The first strategy, the Fortress Model, basically refers to the strategy of utilizing government established National Parks to preserve a certain area of the aforementioned Natural Value.  In this strategy the government that reins over the area decided which areas have natural value and are to be protected.  Also, in this strategy no one is allowed to live on the protected land and therefore none of the nature is utilized.

The Second strategy, the Biosphere Model is a little different than the former because a select few citizens are allowed to live on the protected land.  An example would be native american reserves.  However, the natives are often pushed to a corner of the reserve and the land and it’s resources are still controlled by the government.

The third strategy which the article favors, the Social Ecology model, gives the land back to the indigenous peoples.  The natives get to decide where and what should be protected.  They also are allowed to live off of the land, which Montoya and Sarkar refer to as Southern living, the pre-colonial, nature-human mutualism that I stated previously.  The authors say that for a conservation strategy to work it must be relatively easy and in human interest.  We must be able to live with the land that we are trying to conserve.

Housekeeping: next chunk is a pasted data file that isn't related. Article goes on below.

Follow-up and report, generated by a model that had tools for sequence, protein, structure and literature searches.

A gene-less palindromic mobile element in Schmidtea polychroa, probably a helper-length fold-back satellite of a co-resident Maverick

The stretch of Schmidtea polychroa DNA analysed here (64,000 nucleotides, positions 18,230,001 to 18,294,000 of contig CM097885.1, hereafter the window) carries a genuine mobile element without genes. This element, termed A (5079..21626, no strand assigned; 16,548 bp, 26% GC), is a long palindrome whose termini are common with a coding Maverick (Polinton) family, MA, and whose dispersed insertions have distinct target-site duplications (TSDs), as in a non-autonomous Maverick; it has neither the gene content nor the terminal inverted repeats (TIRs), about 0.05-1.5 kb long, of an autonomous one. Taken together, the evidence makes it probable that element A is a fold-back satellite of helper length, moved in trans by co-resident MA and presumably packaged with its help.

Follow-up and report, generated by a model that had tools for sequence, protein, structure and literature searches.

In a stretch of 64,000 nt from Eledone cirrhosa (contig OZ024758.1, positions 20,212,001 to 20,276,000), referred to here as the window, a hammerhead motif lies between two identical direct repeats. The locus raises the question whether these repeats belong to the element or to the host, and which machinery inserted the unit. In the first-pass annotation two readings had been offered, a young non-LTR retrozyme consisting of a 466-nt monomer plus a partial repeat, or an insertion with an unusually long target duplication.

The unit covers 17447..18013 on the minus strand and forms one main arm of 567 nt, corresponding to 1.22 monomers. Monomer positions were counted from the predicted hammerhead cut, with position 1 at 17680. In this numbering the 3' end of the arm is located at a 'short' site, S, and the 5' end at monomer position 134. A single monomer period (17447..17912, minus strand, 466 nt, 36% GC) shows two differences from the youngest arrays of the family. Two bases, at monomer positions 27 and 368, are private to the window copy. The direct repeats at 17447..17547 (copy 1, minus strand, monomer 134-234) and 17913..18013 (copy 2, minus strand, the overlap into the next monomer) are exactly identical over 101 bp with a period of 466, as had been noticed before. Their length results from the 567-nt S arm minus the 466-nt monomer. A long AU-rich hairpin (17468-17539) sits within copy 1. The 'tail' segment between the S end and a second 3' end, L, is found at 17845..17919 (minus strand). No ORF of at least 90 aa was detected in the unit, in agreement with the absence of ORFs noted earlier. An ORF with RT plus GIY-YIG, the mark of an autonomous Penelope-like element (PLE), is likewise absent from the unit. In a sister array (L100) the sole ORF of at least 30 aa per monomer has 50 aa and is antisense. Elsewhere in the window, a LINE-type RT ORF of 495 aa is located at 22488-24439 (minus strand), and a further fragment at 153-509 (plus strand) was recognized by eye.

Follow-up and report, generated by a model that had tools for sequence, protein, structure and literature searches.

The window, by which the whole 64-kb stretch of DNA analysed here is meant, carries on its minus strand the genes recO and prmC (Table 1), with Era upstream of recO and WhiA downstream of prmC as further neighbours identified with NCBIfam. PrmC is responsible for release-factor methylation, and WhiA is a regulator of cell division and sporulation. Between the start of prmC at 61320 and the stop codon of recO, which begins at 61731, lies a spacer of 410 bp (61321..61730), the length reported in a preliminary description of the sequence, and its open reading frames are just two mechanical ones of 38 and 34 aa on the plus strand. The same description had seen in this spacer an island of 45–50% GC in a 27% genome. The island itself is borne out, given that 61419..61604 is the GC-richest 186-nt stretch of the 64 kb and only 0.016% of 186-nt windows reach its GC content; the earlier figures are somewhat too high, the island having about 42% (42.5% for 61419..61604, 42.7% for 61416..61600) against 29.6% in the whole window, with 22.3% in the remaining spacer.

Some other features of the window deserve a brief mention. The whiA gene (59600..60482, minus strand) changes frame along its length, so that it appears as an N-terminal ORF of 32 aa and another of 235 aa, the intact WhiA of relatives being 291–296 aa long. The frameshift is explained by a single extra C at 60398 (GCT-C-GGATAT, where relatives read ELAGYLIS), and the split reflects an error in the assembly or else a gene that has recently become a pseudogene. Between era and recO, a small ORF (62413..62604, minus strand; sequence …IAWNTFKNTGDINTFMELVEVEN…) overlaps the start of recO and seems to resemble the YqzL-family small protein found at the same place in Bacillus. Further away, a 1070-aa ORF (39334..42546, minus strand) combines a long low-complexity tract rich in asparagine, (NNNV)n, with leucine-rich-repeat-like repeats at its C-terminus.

In the article, stages of conducting the SE model are portrayed.  There are thirteen stages but I will just touch on a few of great importance to the SE model.  The first stage (and these are not meant to be ordered steps, one may come before another or not) is to delimit the boundaries of the study area.  This means that the area of conservation may cross national or other borders and that is OK because oftentimes government boundaries have made conservation very difficult.  Second, the stakeholders for the planning region must be identified.  The SE model stresses that the local residents must be the most privileged stakeholders because they live there and the land really belongs mostly to them.  Sarkar states “National and trans-national entities must negotiate with the local residents to obtain such status” (980).